Farrar and Selwyn's model (1967) made an assumption that investors tend to increase their after tax income to the maximum. According to this model corporate earnings should be distributed by share repurchase rather than the use of dividends.

Brennan (1970) has extended Farrar and Selwyn's model into a general equilibrium framework. Under this, the expected usefulness of wealth as a system of barter is maximized. Despite being more robust both the models are similar as regards to their predictions. According to Auerbach's (1979) discrete-time, infinite-horizon model, the wealth of shareholders is maximized by the shareholders themselves and not by firm market value. If there does, infact, exist a difference between capital gains and dividends tax; firm market value maximization is no longer determined by wealth maximization.

He states that the continued undervaluation of corporate capital leads to dividend distributions.

The clientele effects hypothesis is another related theory. According to this theory the investors may be attracted to the types of stocks that fall in with their consumption/savings preferences. That is, investors (or clienteles) in high tax brackets may prefer non-dividend or low-dividend paying stocks if dividend income is taxed at a higher rate than capital gains. Also, certain clienteles may be created with the presence of transaction costs. There are several empirical studies on the clientele effects hypothesis but the findings are mixed. Studies by Pettit (1977), Scholz (1992), and Dhaliwal, Erickson and Trezevant (1999) presented evidence consistent with the existence of clientele effects hypothesis whereas studies by Lewellen et al. (1978), Richardson, Sefcik and Thomason (1986), Abrutyn and Turner (1990), found weak or contrary evidence.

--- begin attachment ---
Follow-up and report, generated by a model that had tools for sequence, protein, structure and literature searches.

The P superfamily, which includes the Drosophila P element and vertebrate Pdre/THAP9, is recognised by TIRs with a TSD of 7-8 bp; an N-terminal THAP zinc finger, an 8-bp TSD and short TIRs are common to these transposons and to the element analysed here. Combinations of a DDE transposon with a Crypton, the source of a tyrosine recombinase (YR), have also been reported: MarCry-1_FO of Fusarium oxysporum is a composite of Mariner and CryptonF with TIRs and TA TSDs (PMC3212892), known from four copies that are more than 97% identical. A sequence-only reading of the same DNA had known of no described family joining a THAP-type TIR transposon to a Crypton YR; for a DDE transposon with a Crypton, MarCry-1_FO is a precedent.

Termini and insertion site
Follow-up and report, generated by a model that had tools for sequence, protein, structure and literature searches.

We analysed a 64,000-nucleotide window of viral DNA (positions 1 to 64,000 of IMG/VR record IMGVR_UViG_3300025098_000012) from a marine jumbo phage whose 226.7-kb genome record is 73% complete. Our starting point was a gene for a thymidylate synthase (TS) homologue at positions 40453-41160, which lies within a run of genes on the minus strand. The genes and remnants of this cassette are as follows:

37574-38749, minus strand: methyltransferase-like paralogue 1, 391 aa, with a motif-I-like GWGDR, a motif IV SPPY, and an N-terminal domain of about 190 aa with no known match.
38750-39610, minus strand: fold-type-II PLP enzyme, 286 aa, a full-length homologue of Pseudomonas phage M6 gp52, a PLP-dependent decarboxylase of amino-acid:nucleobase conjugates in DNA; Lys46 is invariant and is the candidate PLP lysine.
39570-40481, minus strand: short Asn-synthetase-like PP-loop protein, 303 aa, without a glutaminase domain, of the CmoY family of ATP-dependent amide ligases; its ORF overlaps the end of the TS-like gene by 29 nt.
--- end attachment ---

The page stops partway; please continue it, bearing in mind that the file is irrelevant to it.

There is an assumption that the managers do not always take steps which would lead to maximizing an investor's wealth. This gives rise to another favorable argument for hefty dividend payouts which shifts the reinvestment decision back on the owners. The main hitch would be the agency conflict (conflict between the principal and the agent) arising as a result of separate ownership and control. Therefore, a manager is expected to move the surplus funds from the high retained earnings into projects which are not feasible. This would be mainly due to his ill intention or his in competency.

Thus, generous dividend payouts increase a firm's value as it reduces the management's access to free cash flows and hence, controlling the problem of over investment. There are many more agency theories explaining how dividends can increase the value of a firm. One of them was by Easterbrook (1984); he proposed that dividend payments reduce agency problems in contrast to the transaction cost theory which is of the view that dividend payments reduce the value as it forces to raise costly finances from outside sources. His idea is that if the dividends are not paid, there is a problem of collective action that tends to lead to hap-hazard management of the firm. So, dividend payouts and raising external finance would attract auditory and regulatory measures by financial intermediaries like investment banks, respective stock exchange regulators and the potential investors as well. All this monitoring would lead to considerable reduction of agency costs and appreciate the market value of the firm. Moreover, as defined by Jenson and Meckling (1976), Agency costs=monitoring costs+ bonding, costs+ residual loss i.e. sum of agency cost of equity and agency cost of debt. Hence, Easterbrook (1984) noted that dividend payments and raising new debt and its contract negotiations would reduce potential for wealth transfer.